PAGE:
Hi Paul,

On Fri, 2008-07-11 at 12:46 -0400, Paul Smith wrote:
> Once you start accepting a significant amount of code without copyright
> assignment, it will be difficult to the point of impossibility to change
> the license again.

        Yes. Hence (in part) the choice of a more liberal / lesser license:
that hopefully provides some safeguards here against future changes.

> We can only assume that the FSF will, in the future, come out with a
> GPLv4 and that this license will have its own set of incompatibilities
> with the existing GPLv2 and GPLv3 licenses (ditto for LGPL of course).

        Sure; but it seems unlikely that the LGPLv4 will be incompatible with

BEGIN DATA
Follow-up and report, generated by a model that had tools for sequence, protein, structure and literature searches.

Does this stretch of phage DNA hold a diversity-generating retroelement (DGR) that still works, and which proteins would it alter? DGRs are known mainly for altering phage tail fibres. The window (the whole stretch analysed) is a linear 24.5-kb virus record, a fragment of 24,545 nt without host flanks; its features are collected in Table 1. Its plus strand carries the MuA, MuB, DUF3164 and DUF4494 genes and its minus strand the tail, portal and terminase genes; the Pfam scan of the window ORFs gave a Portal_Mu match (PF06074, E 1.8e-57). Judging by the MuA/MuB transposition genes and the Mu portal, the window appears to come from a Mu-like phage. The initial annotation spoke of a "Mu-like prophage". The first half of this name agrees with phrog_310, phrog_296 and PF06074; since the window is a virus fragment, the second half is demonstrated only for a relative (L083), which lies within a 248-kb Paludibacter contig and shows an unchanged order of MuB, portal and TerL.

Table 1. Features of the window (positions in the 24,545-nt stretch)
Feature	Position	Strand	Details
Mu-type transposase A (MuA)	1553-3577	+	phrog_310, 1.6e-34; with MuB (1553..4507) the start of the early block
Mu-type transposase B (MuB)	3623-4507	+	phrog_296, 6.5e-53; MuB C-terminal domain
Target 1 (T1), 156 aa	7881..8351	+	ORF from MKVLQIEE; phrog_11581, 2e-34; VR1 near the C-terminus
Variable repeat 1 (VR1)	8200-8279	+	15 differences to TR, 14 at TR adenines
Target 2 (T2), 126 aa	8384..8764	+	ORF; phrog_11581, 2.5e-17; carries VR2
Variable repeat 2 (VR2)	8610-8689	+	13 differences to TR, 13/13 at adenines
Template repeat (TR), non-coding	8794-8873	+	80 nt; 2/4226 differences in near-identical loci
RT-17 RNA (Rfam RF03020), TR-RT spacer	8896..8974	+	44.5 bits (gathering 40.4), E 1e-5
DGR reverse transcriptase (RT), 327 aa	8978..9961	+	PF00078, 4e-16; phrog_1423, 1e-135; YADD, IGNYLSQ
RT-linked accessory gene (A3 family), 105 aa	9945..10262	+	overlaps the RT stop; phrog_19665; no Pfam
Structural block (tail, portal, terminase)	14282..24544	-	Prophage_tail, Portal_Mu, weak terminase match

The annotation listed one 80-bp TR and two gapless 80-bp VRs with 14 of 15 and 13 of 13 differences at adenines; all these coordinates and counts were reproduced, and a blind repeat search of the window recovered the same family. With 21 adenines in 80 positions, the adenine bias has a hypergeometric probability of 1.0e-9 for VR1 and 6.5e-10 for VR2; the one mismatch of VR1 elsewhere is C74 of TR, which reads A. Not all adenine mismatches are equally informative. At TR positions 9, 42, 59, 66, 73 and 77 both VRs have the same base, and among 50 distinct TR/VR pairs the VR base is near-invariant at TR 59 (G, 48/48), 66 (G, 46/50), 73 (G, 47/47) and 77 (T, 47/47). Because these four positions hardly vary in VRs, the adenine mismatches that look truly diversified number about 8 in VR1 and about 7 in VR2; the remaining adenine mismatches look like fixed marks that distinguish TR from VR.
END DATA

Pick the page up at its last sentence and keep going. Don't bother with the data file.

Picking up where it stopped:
the LGPLv3 or v2 - the 'lesser' nature of course allow even proprietary
software to be linked to these.

> IMO, if a software project is going to accept code without assignment
> then they really should be using the "LGPLvX or later" license
> structure, rather than providing a list of acceptable licenses.

        Sure - but there are real problems persuading lawyers to license code
under a license that doesn't yet exist & that they havn't read :-)      



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